- Title: ROLI's touch-responsive tech presents a new level of musical expression
- Date: 4th November 2016
- Summary: (SOUNDBITE) (English) MARCO PARISI, MUSICIAN, SITTING NEXT TO BROTHER JACK, SAYING: "This is the most expressive instrument I ever played. And to be able to use my piano technique and make that expressive changed my world. I don't play piano any more - I play only the Seaboard, only the Seaboard." (SOUNDBITE) (English) ROLAND LAMB, FOUNDER & CEO OF ROLI, SAYING: "I love acoustic instruments and I love the simplicity of them and I love the depth of them. But now that I know the possibilities that one can access through new technologies and new sounds. And you can still have a depth of expression and simplicity, but you can access a while world of possibilities. It would be very, very difficult to go back."
- Embargoed: 19th November 2016 12:56
- Keywords: ROLI Roli Blocks Seaboard music musician Grimes synthesiser piano
- Location: LONDON, ENGLAND, UK
- City: LONDON, ENGLAND, UK
- Country: United Kingdom
- Topics: Arts/Culture/Entertainment,Music
- Reuters ID: LVA0045714YFV
- Aspect Ratio: 16:9
- Story Text: The black and white keys on a traditional piano keyboard have remained largely unchanged for hundreds of years. But a piano-style synthesiser called Seaboard replaces the keys with a continuous touch-responsive surface to open up a new world of musical expression.
Seaboard inventor Roland Lamb said the instrument stemmed from his own frustrations as a jazz pianist.
"I wanted to be able to express more from the keyboard and create the kind of sounds and modulations that people could create on a bass or a guitar or a saxophone," said Lamb, founder of London-based company ROLI.
"I was sitting at the piano and thinking 'why can't I strike a note and then glide it and slide it and move it?' And I could sing like what I wanted to be able to hear, but I couldn't do that."
The Seaboard, first launched in 2013, was his solution. The futuristic keyboard uses a soft, springy material for the keys which are continually responsive wherever the user presses. Like a normal synthesiser it has a library of sounds in its data banks, giving the musician the expressive capabilities of many instruments. ROLI says it lets 'music-makers shape sound through five dimensions of touch'.
The Seaboard is available in two models; the RISE which starts at £649 ($794 USD), and the GRAND starting at £1,599 ($1,958 USD).
Classically-trained pianist Marco Parisi demonstrated the unique musicality of the Seaboard using the sounds of different instruments, including a pitch-perfect rendition of a Jimi Hendrix guitar solo. Parisi said that every time he plays the Seaboard he discovers something new.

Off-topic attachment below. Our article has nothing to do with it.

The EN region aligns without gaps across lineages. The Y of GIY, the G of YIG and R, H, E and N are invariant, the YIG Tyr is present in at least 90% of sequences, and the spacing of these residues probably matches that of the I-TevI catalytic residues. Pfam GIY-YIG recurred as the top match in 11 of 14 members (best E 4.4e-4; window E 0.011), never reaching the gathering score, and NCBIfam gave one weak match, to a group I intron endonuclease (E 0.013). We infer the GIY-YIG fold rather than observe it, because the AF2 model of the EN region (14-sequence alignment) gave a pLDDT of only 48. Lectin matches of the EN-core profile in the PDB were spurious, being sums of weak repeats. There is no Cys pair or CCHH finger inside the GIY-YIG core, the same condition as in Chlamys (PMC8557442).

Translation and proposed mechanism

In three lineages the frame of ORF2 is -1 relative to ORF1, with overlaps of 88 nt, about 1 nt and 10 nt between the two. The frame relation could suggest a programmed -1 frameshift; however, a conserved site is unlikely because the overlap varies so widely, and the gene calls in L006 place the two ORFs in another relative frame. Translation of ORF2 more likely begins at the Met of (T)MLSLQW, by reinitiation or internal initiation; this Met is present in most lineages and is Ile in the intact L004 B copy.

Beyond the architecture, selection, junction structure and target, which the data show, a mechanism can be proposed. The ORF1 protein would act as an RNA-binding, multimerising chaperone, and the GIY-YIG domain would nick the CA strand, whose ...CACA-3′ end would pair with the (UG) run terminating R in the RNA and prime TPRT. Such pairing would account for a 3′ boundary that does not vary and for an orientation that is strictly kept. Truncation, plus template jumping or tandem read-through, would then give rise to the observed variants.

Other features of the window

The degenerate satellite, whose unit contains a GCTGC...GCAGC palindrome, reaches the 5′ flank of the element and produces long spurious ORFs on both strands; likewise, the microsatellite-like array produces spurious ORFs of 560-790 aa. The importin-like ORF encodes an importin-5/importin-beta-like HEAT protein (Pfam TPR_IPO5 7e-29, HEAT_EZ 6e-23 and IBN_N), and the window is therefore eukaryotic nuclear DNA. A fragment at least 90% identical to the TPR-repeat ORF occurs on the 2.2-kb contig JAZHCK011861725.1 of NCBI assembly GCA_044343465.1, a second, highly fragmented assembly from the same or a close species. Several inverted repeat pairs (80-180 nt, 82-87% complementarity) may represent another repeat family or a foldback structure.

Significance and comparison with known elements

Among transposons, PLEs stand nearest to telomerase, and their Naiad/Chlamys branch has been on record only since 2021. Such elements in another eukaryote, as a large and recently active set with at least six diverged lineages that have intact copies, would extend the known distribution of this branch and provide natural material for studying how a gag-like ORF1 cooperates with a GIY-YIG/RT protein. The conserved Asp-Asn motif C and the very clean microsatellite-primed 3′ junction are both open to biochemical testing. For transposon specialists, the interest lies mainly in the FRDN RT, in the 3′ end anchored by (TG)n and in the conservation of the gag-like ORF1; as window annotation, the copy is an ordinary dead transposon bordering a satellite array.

"This is the most expressive instrument I ever played. And to be able to use my piano technique and make that expressive changed my world. I don't play piano any more - I play only the Seaboard, only the Seaboard," he told Reuters.
Lamb also said it would be hard to return to traditional instruments: "I love acoustic instruments and I love the simplicity of them and I love the depth of them. But now that I know the possibilities that one can access through new technologies and new sounds. And you can still have a depth of expression and simplicity, but you can access a while world of possibilities. It would be very, very difficult to go back."
The music technology start-up has so far raised more than $50 million in investment to accelerate the growth of its devices.
On November 1, ROLI debuted its latest musical innovation: a modular synthesiser system called Blocks. Each device is small enough to fit in a coat pocket, but is packed with innovative music-making technology, including a tactile and touch-responsive pressure pad that is designed to help anyone created a layered and professional sounding track.
A single Blocks device costs £169.95 in the UK and $179 in the U.S. But Lamb envisions musicians building a multi-piece kit; with Blocks clicking together using magnetic connectors to build a customised mini music studio.
"What's exciting about Blocks is that you both have that depth of expression with every touch but it's completely open-ended because it's modular. So you can piece together a kit or a set that's just right for you. And traditionally for a lot of musicians it's like you go to the store or you go online and then you choose from a bunch of different options but you have a limited set of choices. But with Blocks it's really unlimited - you can really piece it together and create whatever you want out of that system. And I think that's really exciting, especially for artists," said Lamb.
At the London launch event for Blocks, Canadian electronic music artist Grimes was excited to get her hands on Blocks. "I love the multi timbral aspect, like I love that you can just play with all the aspects, it's not just like you're pushing on something and it's clinical; it really has that vibe," said Grimes, whose real name is Claire Boucher.
"My grandma really likes it and my brother, who doesn't play music, really likes it. That's one of the things that really got me excited about it; is that I think you don't need a lot of musical experience to make stuff that sounds good or professional with it," she added.
Blocks is available via ROLI's website and is being rolled out at Apple stores around the world in time for Christmas.
- Copyright Holder: REUTERS
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